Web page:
Here’s further treatment of an important security subject: police officer stress, again from the In Public Safety blog. We tend to think that police officers hold all the cards, yet we’re advised that “Post-Traumatic Stress Disorder (PTSD) occurs as a result of experiencing traumatic events, which are part of the job in policing. According to Dr. John Violanti of the University of Buffalo, a retired NYPD Officer, around 15 percent of police officers experience symptoms of PTSD.”
There are also higher physical health risks: “Research has shown that officers experience a higher mortality rate than the general population and that their risk of cardiovascular disease is 1.7 times greater than that of the general population.”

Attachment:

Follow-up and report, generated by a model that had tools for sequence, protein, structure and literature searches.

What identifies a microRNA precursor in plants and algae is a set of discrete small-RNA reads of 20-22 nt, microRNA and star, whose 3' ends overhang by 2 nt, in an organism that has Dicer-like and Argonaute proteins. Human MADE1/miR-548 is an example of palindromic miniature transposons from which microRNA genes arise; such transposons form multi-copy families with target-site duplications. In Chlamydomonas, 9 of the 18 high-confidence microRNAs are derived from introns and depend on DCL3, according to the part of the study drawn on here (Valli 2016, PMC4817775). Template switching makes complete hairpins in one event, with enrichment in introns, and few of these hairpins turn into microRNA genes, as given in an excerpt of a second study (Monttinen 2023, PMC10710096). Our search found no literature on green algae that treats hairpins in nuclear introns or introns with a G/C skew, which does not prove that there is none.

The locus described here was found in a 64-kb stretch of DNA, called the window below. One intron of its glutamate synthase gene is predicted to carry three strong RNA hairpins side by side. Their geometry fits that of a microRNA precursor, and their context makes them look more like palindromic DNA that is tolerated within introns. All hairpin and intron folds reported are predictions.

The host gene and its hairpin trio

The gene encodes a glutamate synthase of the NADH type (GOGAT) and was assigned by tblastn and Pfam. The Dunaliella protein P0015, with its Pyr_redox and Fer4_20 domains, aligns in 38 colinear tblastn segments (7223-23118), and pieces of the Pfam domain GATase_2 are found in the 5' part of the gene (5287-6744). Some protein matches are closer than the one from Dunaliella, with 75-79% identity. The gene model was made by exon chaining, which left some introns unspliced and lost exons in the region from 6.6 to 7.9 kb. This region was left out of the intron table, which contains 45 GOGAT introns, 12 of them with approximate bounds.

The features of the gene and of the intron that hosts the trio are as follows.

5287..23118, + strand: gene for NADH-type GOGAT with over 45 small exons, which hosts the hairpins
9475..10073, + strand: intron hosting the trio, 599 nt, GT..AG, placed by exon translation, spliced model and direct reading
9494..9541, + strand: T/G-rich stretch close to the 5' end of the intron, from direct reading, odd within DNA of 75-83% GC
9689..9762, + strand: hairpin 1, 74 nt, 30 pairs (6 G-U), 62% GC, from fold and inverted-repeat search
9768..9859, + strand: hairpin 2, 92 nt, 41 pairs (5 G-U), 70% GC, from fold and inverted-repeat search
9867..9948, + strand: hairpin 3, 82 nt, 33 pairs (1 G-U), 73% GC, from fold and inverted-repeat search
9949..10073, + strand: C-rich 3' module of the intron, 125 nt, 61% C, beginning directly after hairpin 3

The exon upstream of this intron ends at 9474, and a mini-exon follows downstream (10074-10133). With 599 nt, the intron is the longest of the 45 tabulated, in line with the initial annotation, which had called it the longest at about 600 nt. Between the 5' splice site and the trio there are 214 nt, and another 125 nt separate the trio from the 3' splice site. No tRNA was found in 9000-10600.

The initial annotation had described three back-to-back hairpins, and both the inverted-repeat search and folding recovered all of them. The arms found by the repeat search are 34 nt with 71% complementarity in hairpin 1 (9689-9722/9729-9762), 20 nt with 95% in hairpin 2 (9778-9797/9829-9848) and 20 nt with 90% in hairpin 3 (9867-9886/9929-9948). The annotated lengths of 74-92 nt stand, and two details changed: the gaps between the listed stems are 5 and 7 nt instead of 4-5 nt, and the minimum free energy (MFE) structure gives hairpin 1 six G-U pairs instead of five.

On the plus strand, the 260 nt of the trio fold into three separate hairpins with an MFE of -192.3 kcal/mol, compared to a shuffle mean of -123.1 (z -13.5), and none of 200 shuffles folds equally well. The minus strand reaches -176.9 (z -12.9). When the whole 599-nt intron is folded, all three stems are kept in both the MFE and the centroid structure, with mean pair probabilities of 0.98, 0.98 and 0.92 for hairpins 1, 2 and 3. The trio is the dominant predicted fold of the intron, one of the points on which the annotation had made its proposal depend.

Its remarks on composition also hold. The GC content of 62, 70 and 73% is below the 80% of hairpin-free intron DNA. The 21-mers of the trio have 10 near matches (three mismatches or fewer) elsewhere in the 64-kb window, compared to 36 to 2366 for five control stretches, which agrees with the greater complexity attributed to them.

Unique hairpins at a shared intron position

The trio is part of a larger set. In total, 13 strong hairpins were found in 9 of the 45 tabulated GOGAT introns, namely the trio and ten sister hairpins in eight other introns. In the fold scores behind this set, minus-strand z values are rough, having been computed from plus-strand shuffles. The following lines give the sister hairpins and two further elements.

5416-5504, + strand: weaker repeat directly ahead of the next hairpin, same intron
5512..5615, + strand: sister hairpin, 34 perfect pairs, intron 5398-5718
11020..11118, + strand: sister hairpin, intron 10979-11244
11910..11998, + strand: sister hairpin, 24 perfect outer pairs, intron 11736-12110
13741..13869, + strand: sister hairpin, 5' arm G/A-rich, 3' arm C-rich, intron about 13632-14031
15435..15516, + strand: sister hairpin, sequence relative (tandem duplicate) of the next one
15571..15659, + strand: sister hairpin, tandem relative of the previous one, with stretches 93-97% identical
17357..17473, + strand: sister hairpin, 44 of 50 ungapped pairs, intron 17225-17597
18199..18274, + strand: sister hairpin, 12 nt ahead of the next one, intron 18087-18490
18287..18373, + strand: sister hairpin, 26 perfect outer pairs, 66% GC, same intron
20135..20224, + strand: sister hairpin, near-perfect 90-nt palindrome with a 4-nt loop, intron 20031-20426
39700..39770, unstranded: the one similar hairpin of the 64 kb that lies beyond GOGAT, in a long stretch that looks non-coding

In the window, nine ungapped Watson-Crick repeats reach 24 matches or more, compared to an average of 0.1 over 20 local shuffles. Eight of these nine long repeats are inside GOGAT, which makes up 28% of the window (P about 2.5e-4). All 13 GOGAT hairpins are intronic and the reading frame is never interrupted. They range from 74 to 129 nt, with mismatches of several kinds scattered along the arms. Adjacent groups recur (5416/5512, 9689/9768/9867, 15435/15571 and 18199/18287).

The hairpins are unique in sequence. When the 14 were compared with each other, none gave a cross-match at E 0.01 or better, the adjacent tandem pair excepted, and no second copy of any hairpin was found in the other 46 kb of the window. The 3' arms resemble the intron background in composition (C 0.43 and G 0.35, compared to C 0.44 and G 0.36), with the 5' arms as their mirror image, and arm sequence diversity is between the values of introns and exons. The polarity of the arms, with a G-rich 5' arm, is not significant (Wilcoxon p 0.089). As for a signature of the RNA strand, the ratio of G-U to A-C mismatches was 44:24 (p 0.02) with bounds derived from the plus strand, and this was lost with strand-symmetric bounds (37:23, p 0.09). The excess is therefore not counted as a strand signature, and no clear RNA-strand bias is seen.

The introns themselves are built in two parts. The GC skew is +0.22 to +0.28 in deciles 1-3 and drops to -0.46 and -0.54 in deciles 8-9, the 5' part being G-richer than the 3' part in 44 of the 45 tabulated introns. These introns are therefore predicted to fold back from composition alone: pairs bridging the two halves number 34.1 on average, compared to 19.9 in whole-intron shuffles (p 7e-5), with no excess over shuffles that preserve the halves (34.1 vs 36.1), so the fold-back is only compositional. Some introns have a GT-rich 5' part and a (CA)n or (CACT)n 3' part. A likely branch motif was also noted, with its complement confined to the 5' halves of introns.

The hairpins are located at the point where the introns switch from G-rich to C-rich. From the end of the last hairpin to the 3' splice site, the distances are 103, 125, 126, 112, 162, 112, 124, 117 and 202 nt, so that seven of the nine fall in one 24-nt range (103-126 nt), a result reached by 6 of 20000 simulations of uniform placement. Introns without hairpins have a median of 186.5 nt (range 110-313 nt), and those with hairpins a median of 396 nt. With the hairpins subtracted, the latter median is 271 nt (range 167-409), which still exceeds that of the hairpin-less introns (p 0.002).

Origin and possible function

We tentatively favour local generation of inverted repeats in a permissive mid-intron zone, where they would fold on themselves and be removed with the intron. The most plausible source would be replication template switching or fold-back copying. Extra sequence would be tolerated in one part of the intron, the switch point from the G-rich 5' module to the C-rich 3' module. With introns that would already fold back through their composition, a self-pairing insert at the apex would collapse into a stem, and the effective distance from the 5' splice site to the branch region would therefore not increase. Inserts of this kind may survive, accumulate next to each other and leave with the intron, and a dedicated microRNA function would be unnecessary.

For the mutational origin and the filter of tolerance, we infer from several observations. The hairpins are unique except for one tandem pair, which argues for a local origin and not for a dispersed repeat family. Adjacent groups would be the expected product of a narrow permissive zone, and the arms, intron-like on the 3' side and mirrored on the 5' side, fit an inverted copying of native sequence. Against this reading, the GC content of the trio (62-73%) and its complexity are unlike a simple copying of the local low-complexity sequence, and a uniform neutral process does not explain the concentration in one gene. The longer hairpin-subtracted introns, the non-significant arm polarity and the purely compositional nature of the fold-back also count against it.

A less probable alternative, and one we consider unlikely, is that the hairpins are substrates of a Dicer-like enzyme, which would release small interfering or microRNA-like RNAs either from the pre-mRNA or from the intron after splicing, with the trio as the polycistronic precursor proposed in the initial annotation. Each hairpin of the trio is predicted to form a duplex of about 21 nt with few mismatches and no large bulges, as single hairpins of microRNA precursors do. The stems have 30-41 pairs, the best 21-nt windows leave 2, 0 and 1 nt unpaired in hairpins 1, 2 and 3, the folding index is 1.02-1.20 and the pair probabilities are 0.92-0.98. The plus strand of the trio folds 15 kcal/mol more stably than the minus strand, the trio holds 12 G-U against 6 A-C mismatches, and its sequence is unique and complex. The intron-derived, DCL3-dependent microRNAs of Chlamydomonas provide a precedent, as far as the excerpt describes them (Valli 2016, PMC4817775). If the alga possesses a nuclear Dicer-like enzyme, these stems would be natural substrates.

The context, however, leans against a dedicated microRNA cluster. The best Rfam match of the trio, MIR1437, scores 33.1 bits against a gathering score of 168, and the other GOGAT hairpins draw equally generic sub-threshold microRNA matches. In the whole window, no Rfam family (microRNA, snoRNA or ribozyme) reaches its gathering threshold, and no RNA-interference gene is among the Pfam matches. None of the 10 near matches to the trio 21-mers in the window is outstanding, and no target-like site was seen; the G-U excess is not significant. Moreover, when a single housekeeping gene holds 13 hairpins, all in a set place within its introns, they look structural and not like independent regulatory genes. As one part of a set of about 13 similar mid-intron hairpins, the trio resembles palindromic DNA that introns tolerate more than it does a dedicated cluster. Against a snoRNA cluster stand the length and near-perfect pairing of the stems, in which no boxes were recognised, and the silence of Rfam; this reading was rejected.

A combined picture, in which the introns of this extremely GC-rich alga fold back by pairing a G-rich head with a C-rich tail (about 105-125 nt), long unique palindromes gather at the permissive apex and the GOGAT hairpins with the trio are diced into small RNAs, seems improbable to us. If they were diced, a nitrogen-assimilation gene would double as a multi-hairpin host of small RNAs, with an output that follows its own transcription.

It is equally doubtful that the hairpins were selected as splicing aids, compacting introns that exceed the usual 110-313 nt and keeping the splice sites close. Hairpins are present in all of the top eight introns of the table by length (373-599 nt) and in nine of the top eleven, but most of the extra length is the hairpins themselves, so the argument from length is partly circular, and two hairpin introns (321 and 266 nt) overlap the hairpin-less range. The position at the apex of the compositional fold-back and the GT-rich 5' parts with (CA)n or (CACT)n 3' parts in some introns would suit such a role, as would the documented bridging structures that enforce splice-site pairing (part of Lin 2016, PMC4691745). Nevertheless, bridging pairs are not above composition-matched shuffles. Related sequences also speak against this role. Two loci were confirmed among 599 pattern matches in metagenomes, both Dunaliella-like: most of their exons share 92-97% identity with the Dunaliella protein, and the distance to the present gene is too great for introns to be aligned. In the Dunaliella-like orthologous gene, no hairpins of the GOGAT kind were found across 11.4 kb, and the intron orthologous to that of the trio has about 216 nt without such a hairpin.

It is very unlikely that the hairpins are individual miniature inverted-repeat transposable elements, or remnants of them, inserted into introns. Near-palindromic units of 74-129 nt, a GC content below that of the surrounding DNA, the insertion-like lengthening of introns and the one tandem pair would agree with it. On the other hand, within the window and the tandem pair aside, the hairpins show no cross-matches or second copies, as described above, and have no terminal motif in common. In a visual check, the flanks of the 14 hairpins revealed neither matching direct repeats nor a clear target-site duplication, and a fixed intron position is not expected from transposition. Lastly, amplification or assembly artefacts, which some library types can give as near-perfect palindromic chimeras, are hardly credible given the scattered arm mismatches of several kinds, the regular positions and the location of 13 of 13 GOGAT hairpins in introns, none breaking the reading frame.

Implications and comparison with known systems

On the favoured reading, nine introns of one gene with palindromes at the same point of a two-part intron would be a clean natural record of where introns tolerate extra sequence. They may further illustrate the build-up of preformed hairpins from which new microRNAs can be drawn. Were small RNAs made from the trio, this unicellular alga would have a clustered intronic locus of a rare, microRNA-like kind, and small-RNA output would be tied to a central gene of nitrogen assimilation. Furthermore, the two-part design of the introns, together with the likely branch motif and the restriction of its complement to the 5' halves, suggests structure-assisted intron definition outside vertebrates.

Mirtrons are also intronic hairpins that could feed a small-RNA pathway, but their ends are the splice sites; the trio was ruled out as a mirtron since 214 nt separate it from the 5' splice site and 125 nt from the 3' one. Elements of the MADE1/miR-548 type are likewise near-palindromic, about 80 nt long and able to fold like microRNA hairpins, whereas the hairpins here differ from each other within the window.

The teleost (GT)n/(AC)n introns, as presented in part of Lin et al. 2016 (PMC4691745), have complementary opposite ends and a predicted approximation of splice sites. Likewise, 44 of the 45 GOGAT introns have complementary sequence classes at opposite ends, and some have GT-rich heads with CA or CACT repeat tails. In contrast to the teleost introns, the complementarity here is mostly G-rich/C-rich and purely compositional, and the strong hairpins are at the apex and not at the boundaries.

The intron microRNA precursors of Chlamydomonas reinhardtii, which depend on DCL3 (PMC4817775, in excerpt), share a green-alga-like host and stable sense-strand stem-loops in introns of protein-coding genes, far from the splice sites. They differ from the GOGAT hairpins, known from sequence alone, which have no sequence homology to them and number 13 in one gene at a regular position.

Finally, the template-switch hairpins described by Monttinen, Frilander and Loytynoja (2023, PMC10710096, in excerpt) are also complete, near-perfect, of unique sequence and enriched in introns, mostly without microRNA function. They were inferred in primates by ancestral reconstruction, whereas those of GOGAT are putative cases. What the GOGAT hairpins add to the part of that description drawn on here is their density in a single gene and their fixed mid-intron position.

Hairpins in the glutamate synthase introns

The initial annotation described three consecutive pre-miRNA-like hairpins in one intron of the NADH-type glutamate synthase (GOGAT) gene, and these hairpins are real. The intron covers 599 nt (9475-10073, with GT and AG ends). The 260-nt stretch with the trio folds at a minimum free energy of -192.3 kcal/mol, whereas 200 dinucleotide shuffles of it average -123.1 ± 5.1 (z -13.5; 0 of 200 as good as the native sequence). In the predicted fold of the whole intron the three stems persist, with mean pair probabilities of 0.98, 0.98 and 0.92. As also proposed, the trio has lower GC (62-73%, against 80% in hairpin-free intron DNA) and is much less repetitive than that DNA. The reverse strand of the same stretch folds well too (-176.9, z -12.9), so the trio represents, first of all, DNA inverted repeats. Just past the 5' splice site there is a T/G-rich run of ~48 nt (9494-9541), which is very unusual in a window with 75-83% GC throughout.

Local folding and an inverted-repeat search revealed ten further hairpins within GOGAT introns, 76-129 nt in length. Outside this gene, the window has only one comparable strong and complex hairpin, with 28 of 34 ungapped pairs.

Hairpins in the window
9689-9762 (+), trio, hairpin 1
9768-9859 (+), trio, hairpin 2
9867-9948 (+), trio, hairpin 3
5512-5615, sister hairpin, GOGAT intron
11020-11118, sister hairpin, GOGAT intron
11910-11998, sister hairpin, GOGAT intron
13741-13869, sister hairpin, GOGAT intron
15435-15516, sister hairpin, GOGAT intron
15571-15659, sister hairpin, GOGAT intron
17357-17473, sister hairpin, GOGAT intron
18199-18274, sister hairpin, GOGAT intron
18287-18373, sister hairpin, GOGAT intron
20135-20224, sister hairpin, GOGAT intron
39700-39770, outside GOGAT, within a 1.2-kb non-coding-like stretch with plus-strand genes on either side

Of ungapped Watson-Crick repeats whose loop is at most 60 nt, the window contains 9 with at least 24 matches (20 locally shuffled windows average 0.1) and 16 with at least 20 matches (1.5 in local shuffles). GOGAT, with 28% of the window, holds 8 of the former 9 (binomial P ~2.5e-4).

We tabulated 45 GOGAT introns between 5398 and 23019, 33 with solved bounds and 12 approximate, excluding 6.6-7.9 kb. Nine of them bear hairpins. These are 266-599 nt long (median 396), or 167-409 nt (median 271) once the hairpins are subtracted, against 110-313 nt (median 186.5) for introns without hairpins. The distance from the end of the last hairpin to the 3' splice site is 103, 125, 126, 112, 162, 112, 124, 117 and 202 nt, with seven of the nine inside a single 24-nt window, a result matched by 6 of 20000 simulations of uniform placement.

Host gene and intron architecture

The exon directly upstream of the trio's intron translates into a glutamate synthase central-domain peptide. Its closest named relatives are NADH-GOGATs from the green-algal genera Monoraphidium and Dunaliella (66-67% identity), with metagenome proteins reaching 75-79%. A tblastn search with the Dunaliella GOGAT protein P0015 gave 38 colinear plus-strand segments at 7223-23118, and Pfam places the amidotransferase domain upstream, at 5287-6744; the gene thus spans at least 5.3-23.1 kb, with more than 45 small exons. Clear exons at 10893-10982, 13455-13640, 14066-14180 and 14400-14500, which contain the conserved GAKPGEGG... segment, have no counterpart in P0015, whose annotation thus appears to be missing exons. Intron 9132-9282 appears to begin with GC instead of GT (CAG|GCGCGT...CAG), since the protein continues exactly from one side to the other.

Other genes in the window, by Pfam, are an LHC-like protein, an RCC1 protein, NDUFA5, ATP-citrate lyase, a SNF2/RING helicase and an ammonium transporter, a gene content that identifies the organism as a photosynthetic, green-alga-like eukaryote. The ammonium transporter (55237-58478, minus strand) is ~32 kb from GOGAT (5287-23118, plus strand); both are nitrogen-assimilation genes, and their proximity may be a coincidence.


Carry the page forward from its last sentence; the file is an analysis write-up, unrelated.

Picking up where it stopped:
In 2017, Dr. Jarrod Sadulski, of American Military University, completed a two-year study of police stress management in the United States. He recently visited Galen University of Belize in Central America and had the opportunity to compare police stress levels in the U.S. and Belize. They mirrored the same very human factors.
We recommend fuller attention to these In Public Safety posts themselves, but note that exercise, prayer, therapy and time away from the job are recommended as much for police officers as for others under high levels of vocational stress. Cops, after all, are human too.